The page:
Saturday, March 13, 2010

How to Convert Solar Energy Into Electricity

Most of the energy on earth comes from the sun. It warms, lights and provides us with nutrients. Clean wind and wave power is nothing but indirect solar energy. Our food supply is based on plants that have captured solar energy through photosynthesis. We, too, can convert this solar energy into an energy that is accessible for our needs.
Understand solar energy. Solar energy is heat and light, which has the qualities of waves and individual particles called photons across a vast range of the electromagnetic spectrum. The sun is a nuclear furnace, converting hydrogen to helium through nuclear fusion. The sun releases the energy of 100 billion H-bombs every second. It's a very efficient process, converting mass directly to energy through Albert Einstein's famous equation: E= MC2 where E is energy, M is Mass and C is the speed of light times itself. At 186,000 miles per second light is the fastest speed in the universe. A tiny bit of mass can make a vast amount of energy.
Realize how energy is converted. Energy is transformed from one form to another by a device known as a transducer. A microphone converts the sound waves to electricity. To convert solar radiation to electricity we need to start with a solar panel.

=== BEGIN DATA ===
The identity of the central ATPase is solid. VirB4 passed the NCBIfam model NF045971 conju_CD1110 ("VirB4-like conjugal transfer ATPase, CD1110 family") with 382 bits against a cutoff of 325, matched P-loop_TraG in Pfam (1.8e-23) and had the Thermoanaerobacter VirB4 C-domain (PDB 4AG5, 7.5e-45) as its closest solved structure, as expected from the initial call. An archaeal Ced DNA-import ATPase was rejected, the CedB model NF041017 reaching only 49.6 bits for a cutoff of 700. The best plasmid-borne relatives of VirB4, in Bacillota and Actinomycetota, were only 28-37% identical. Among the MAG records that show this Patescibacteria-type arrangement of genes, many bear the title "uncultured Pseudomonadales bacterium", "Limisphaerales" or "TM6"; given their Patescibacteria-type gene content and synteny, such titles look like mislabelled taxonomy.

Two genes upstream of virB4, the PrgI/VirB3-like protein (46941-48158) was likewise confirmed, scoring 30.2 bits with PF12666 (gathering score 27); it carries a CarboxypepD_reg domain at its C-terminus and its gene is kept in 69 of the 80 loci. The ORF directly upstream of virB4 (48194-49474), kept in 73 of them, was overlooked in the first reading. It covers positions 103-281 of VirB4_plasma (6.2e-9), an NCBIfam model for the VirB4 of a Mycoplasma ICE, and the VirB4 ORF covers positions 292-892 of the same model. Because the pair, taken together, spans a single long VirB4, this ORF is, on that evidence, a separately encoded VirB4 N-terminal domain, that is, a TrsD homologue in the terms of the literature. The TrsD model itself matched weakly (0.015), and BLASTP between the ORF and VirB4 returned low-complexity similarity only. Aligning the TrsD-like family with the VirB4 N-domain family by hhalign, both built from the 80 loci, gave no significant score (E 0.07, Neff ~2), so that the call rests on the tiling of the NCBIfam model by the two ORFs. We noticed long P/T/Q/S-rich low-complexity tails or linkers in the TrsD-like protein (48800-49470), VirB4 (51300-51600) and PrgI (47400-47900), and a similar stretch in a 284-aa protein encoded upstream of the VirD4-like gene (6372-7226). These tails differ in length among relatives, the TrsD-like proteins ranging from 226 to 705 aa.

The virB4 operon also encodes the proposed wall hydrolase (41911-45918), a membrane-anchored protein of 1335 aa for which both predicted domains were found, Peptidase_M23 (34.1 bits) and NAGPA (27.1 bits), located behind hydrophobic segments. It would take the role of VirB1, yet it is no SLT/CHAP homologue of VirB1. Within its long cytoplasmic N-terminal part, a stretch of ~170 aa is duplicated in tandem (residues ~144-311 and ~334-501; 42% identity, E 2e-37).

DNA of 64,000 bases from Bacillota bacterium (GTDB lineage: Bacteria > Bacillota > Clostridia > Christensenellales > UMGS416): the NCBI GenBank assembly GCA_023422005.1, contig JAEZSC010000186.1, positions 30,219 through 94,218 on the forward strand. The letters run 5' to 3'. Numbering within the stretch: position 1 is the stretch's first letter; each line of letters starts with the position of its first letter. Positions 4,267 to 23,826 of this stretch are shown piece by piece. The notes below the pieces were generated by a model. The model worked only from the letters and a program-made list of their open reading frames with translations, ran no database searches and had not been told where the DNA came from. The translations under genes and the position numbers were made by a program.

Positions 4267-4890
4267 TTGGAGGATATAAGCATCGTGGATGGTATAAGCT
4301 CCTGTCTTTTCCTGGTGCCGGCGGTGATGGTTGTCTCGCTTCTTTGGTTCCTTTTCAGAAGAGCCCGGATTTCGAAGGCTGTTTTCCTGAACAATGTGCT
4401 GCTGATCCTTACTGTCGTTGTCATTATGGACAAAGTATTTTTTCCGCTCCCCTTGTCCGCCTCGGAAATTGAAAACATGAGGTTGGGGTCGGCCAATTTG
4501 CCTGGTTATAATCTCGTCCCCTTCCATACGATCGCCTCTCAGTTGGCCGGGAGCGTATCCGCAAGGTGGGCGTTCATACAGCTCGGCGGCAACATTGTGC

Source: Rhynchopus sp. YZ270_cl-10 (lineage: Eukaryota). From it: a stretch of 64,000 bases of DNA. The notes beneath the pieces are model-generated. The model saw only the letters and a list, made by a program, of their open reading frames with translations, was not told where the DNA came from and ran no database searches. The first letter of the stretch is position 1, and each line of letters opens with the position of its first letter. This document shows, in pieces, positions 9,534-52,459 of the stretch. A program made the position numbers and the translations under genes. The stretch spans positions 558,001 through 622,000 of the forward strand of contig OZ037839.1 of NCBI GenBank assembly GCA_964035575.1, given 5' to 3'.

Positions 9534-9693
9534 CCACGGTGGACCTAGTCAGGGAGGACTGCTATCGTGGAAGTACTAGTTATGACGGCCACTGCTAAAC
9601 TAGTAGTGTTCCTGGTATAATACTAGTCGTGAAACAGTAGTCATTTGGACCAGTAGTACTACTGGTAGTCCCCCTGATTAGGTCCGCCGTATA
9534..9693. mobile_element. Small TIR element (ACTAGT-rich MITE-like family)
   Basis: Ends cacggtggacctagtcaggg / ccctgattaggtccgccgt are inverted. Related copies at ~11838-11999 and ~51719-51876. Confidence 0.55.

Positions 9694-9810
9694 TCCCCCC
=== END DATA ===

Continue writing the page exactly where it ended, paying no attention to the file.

Look into solar panels. Solar photo voltaic cells (PVC) are essentially semi-conductors, which have electrical transmission properties existing between conductors like metal or salt water and insulators like rubber. Solar panels are constructed with sheets of doped silicon, the primary element in beach sand, with impurities added like phosphorus that allow electrons to flow. When the kinetic solar energy of moving photons hits a PVC, a flow of electrons starts that can be drawn off by a pair of wires, creating direct current (DC) like a battery.
Check with your local utility for rebates and with your state government and the federal government for tax breaks. Once you get a clear understanding as to what help is available, do the math. In many states a solar system will pay for itself in a dozen years. In all cases, if you finance a solar installation with a home equity loan, the interest is tax-deductible.
Install solar panels in an area, preferably a roof, where they will get the most unobstructed exposure to the sun for most of the year. The best way to do this is to get a reliable solar contractor by referral. In some cases, calling your local utility is a good place to start.
Get and install an inverter. Unlike battery power, your house current is alternating, which reverses directing sixty times a second. Before using solar energy to power your appliances, it has to be converted by a device known as an inverter. With most utilities today an inverter will also allow you to feed power back to the electric grid so on a bright sunny day, while you are at work, your electric meter will run backwards.